While there are currently no federal laws regarding sleep apnea during DOT physical examinations, the (FMCSA) says that professional drivers with a medical history or diagnosis that might interfere with the ability to drive must undergo successful treatment before getting behind the wheel. The Department of Transportation may use your CPAP compliance report as proof of treatment3.
If you have sleep apnea and want to pilot an airplane, the FAA requires that you submit a report that shows you used your CPAP machine for at least 75 percent of sleep periods with an average minimum of 6 hours of usage per sleep period2. You must also submit a signature form4 stating their compliance with CPAP therapy. Finally, your doctor will need to submit a form that says your treatment is still effective.
What the CPAP Report Includes
There are a large number of CPAP machines now available, and they can vary by function, complexity, and price. The best CPAP machines have software that monitors certain aspects of your sleep patterns and record statistics. The results are easy to interpret, especially if you are familiar with the common readings CPAP machines typically measure. The software also makes it easy to send the data to your doctor, DOT or FAA.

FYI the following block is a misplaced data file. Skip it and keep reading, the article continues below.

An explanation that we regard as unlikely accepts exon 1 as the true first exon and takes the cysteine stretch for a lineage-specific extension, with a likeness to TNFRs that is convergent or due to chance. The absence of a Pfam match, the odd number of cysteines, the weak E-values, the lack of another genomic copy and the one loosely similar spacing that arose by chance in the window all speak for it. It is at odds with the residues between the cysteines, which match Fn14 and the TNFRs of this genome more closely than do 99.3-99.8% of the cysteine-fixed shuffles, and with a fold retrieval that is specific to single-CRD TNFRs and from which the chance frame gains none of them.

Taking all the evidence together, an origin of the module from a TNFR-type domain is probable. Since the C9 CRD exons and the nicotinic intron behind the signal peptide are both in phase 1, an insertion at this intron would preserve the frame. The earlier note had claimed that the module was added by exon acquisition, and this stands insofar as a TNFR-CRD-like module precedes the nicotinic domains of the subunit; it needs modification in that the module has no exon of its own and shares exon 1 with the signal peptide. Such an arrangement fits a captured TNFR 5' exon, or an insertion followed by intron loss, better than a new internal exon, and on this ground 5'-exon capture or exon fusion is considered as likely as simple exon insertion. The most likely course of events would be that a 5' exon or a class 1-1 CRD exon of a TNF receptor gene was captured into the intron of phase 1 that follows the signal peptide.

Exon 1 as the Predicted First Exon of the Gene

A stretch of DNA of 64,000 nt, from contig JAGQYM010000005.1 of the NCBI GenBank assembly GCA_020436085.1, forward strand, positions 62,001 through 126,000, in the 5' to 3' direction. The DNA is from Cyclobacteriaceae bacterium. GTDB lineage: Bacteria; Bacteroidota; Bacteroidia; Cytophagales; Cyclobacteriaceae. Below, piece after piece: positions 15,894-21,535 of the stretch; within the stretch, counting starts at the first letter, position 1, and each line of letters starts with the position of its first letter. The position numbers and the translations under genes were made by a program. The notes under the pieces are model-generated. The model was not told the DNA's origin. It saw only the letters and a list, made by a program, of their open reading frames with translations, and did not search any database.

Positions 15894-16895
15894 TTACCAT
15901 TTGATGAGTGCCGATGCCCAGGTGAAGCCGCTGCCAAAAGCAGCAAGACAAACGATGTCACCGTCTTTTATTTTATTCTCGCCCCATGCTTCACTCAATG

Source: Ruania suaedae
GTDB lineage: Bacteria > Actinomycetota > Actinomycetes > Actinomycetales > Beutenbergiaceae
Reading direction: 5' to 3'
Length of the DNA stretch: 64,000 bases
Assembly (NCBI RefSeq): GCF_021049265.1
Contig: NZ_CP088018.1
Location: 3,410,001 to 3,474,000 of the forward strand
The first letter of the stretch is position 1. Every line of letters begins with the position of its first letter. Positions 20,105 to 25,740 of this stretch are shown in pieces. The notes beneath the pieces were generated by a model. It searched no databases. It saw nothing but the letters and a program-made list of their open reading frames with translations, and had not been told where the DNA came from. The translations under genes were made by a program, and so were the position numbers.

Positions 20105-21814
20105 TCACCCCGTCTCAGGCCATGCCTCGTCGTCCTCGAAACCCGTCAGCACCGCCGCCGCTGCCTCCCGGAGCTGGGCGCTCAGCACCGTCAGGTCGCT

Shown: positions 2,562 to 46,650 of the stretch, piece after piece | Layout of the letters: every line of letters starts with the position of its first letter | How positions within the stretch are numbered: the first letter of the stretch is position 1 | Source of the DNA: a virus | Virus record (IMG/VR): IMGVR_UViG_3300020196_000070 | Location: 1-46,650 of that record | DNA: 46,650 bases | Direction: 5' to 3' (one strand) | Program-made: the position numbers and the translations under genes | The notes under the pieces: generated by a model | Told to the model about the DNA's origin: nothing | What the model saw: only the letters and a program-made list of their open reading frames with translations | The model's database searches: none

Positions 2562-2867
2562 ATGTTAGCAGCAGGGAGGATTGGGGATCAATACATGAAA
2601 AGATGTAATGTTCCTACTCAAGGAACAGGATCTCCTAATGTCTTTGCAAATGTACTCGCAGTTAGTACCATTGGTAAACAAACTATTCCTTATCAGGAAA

Most common CPAP readings
Apnea Hypopnea Index (AHI) records the number of times you experience apnea and hypopnea, which occur when your airway at the back of your mouth and throat collapses. This index will take into account full closures of the airway (apneas) along with partial closures (hypopneas).
The AHI measures how many times you these events occur per hour on average, which helps your doctor determine the severity of your sleep apnea.
Pressure is the amount (usually shown as an average) of air pressure delivered by the CPAP machine. Air pressure holds the airway open to prevent sleep apnea.
A certain amount of air leakage from your CPAP mask is normal, but excessive leakage could indicate a poorly fitting mask or a mouth leak. CPAP leakage can decrease air pressure and compromise the quality of your CPAP treatment.
Usage is the amount of time you wear your CPAP mask. Today’s CPAP machines can tell whether you are actually wearing the mask or if you have just turned on the CPAP machine but did not wear the mask.
Machines with basic tracking typically focus on usage but may not track AHI, pressure or CPAP leak. Advanced CPAP machines track advanced statistics, and some contain a modem that allows you to share the results with your doctor.
The Importance of CPAP Compliance
Because their jobs may depend on showing that they use their CPAP machines as directed, some people actually try to figure out how to cheat CPAP compliance. The truth is that they are only cheating themselves.